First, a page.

Within the Western European tradition, British artist and art theorist Judith Rugg identifies that florals came to be associated with “consumption by women...in...‘feminine’ spaces.” Designated as ‘decorative’, Rugg suggests florals became an indicator of a passive, interior, female world in the Industrial Age, contrasted with an active, external, ‘concrete’ male world. These gendered, hierarchic and reductive perceptions of florals were influenced in part by the cultural effects of accelerated urbanisation and large scale manufacturing during this period. These processes dislocated cultural production from customary places of origin and accompanying contextual narratives. Nature was remade, writes American historian Celia Applegate, in an “urban-dwelling image” and involved a “reorientation of collective identity.” Mass-production removed a previously defining element from creative production: “its presence in time and space, its unique existence at the place where it happens to be,” according to German philosopher Walter Benjamin. In doing so, Benjamin argues that the production of art was brought into the praxis of politics. Indeed, we see florals fundamentally tied to the wider political renegotiations of labour, resources, routines and expressions which took place across Europe in this period. These renegotiations created “alternative milieu” from new urban realities. The relocation of florals into ‘feminine’ spaces “reinforced ideas about femininity in the domestic sphere,” proposes Rugg; but those who dwelled in these ‘feminine’ spaces also maintained a proximity with this potent nature language. As carriers of cultural memory, we might see florals as reminders of past “dwelling images”, turning surfaces into signs which continue to inform the present.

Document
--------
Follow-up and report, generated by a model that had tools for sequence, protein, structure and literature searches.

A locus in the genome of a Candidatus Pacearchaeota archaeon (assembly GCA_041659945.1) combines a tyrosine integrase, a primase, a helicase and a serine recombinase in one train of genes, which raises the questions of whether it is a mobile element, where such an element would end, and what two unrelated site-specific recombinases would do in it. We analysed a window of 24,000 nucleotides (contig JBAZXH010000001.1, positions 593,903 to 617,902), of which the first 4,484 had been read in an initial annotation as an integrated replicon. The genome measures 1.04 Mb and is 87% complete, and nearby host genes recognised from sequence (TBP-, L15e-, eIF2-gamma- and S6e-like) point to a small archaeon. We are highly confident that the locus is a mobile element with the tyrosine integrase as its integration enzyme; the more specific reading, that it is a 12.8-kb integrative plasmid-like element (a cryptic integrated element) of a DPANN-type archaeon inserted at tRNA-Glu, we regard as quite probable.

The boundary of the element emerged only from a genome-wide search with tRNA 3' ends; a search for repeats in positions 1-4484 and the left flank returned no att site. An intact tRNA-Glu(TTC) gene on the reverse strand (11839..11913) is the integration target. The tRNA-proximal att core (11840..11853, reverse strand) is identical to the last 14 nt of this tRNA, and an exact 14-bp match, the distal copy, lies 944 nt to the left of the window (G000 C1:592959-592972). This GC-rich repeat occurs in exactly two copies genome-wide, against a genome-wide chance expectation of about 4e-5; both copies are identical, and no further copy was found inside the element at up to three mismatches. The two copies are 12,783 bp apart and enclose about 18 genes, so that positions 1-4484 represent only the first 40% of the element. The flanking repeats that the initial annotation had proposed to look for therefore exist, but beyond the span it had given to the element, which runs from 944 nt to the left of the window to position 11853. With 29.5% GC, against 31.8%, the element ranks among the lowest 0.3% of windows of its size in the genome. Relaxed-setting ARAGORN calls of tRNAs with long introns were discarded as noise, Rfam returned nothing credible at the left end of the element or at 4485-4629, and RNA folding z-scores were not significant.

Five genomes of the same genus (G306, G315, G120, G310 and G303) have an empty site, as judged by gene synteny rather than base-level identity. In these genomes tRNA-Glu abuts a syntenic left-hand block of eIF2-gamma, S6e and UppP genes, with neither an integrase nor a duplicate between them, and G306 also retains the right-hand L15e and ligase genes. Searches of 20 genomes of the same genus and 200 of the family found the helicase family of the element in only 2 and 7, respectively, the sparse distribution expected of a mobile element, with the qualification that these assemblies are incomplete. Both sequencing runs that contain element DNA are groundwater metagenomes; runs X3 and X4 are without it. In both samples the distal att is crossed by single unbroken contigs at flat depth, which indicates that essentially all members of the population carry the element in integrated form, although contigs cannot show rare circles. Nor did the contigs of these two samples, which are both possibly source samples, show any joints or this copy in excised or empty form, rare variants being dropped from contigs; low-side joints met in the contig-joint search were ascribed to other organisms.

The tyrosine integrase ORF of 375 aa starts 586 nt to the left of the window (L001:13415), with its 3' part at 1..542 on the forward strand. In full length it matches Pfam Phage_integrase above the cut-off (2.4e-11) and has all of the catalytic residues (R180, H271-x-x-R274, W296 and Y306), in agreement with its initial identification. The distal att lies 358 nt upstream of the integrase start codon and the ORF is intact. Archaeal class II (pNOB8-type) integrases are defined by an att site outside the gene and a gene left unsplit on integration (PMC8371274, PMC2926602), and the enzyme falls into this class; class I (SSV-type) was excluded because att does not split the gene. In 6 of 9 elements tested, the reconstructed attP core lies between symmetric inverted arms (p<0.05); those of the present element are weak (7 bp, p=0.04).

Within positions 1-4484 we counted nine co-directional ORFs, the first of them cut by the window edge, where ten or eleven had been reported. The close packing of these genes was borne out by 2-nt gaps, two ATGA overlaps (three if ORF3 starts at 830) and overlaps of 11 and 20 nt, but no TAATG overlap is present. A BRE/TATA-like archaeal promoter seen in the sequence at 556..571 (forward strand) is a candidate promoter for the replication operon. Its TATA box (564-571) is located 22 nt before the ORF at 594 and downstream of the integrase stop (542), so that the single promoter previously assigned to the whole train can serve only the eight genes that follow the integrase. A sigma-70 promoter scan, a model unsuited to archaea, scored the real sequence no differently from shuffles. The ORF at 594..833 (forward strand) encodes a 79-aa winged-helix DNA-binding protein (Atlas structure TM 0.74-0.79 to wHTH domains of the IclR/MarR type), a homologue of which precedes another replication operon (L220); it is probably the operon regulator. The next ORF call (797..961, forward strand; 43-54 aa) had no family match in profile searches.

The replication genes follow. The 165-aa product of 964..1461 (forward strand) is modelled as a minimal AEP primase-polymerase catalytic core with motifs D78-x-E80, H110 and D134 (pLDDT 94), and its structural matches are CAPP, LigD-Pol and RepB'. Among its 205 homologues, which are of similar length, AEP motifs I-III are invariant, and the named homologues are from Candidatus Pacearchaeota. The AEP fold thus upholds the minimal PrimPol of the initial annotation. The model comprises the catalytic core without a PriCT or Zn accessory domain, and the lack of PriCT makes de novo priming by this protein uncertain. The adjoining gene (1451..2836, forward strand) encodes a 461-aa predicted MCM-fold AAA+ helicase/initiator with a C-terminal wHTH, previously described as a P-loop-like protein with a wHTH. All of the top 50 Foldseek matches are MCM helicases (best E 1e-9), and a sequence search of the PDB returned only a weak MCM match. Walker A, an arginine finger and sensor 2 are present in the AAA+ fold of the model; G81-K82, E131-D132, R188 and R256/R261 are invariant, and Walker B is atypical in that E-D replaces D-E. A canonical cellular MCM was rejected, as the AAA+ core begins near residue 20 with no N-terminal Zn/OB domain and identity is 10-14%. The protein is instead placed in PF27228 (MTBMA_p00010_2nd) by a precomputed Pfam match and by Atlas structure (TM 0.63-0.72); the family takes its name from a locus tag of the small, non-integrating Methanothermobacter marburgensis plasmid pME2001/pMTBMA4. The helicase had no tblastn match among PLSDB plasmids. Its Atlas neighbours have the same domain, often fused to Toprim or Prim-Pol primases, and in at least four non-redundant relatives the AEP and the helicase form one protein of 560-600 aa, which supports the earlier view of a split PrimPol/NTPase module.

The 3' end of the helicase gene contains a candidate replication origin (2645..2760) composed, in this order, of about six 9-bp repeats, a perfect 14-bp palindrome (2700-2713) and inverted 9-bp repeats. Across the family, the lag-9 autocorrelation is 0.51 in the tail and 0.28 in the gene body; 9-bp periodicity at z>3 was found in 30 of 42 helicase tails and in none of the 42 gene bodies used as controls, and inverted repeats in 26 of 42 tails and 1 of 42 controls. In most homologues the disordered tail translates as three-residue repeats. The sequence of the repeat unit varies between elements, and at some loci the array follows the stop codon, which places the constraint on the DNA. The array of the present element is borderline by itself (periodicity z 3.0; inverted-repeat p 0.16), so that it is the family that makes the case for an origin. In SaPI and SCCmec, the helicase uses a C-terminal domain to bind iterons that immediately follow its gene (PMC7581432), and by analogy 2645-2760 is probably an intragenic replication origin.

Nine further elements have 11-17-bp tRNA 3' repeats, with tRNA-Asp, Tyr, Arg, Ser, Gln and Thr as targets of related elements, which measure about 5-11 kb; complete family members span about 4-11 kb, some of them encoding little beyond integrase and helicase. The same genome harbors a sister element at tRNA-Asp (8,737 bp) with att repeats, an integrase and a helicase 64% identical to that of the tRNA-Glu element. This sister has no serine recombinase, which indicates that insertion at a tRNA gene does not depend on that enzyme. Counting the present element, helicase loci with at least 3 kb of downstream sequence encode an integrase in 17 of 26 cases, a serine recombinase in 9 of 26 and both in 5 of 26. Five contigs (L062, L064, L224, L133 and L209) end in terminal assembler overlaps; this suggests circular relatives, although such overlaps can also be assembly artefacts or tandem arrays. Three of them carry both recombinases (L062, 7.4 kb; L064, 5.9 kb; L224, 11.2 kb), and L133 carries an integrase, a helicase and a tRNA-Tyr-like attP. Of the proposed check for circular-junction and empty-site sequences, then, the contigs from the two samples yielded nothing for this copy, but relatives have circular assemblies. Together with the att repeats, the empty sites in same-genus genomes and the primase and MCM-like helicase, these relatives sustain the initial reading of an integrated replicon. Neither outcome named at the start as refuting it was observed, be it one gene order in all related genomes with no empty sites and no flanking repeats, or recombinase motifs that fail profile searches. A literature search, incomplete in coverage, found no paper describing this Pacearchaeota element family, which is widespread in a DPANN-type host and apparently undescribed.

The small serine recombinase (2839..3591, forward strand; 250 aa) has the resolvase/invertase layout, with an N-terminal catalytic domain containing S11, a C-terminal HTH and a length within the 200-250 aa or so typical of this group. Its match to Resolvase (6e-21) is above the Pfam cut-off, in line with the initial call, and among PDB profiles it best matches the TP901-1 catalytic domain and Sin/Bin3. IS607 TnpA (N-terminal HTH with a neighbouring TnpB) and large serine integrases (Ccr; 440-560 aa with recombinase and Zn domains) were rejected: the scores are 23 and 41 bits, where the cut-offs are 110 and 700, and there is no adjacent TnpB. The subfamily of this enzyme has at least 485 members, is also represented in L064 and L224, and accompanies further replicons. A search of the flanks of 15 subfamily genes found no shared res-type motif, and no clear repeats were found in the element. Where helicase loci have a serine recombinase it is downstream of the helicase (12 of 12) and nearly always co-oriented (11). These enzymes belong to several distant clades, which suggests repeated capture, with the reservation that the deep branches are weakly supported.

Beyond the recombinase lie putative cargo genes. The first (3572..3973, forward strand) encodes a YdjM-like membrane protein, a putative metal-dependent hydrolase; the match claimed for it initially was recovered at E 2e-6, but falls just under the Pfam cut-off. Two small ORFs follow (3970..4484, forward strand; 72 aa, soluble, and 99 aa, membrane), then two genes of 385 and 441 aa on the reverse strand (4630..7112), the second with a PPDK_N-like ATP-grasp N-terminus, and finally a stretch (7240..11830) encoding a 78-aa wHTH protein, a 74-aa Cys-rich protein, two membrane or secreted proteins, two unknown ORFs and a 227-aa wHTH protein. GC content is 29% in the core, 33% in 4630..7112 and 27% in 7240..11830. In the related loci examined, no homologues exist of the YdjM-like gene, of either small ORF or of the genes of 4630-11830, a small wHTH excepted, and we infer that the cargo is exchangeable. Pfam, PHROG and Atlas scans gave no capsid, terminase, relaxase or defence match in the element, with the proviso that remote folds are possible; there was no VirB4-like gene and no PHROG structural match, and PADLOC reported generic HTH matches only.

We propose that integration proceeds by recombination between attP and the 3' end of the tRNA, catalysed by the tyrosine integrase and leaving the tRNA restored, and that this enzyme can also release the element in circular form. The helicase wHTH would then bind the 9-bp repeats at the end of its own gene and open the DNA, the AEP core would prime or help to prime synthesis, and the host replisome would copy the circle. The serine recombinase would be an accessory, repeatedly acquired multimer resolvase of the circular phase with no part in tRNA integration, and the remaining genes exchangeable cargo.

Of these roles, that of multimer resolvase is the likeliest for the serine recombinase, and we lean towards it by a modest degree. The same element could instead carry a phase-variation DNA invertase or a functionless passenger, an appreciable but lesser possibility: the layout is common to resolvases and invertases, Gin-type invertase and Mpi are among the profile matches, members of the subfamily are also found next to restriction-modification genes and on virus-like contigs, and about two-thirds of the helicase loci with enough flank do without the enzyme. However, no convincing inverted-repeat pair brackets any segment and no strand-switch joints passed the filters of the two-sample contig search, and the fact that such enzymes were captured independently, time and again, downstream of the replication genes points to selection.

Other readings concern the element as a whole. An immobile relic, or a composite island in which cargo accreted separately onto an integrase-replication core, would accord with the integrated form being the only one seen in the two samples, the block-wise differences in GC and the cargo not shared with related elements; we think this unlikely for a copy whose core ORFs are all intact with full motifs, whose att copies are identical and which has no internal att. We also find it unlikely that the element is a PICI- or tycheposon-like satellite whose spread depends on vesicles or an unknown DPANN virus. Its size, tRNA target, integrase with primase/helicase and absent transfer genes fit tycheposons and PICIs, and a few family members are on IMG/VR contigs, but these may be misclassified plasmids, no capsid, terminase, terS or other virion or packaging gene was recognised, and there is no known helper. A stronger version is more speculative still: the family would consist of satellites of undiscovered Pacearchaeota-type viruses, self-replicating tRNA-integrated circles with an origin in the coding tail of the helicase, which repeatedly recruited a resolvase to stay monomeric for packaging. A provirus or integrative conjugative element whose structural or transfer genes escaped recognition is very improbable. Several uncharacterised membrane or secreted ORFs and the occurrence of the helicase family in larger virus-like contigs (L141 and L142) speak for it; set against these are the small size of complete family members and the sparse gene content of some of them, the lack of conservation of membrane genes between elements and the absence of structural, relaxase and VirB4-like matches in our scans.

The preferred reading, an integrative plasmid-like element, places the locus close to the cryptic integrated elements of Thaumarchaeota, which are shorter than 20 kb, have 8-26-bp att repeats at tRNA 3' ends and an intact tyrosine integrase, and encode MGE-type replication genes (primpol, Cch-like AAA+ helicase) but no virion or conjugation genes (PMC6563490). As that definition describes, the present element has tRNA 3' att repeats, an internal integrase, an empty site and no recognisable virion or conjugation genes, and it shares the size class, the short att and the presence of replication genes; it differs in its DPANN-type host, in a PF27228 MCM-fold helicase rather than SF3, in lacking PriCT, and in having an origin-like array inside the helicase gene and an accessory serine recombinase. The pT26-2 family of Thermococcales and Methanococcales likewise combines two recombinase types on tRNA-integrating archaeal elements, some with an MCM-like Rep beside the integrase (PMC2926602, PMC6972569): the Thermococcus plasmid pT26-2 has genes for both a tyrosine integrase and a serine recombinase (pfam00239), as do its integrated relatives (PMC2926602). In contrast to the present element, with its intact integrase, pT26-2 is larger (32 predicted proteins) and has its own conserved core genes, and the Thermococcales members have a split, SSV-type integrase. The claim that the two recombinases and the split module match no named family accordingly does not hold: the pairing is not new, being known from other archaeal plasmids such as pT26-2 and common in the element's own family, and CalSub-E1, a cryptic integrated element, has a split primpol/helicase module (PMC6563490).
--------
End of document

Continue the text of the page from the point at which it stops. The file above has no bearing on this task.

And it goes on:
Swiss-British philosopher Alain de Botton rejects assumptions of sentimentality in relation to flowers, praising their symbolic value. The value of a flower is most readily recognised, de Botton says, by those who have experienced suffering: “[A] flower is even more lovely because the rest of life is so difficult. The difficulty of life has thrown into relief the beauty of modest things.” This allusion to the difficulty of life evokes the memento mori tradition (Latin for ‘remember you must die’) with its roots in classical antiquity, and in particular the genre of vanitas painting (Latin for 'vanity'), prevalent in Europe in the sixteenth and seventeenth centuries, with many iterations appearing around the world. Within the vanitas genre, flowers were deployed symbolically to convey ideas of impermanence and decay; a reflection on the difficulties of existence and a perspective on the individual within a broader cosmology. However, de Botton overlays these stark reminders with a language of sensitivity, acknowledging the vulnerability that emerges through pain and loss and identifying the comfort and relief provided by “modest things” such as flowers.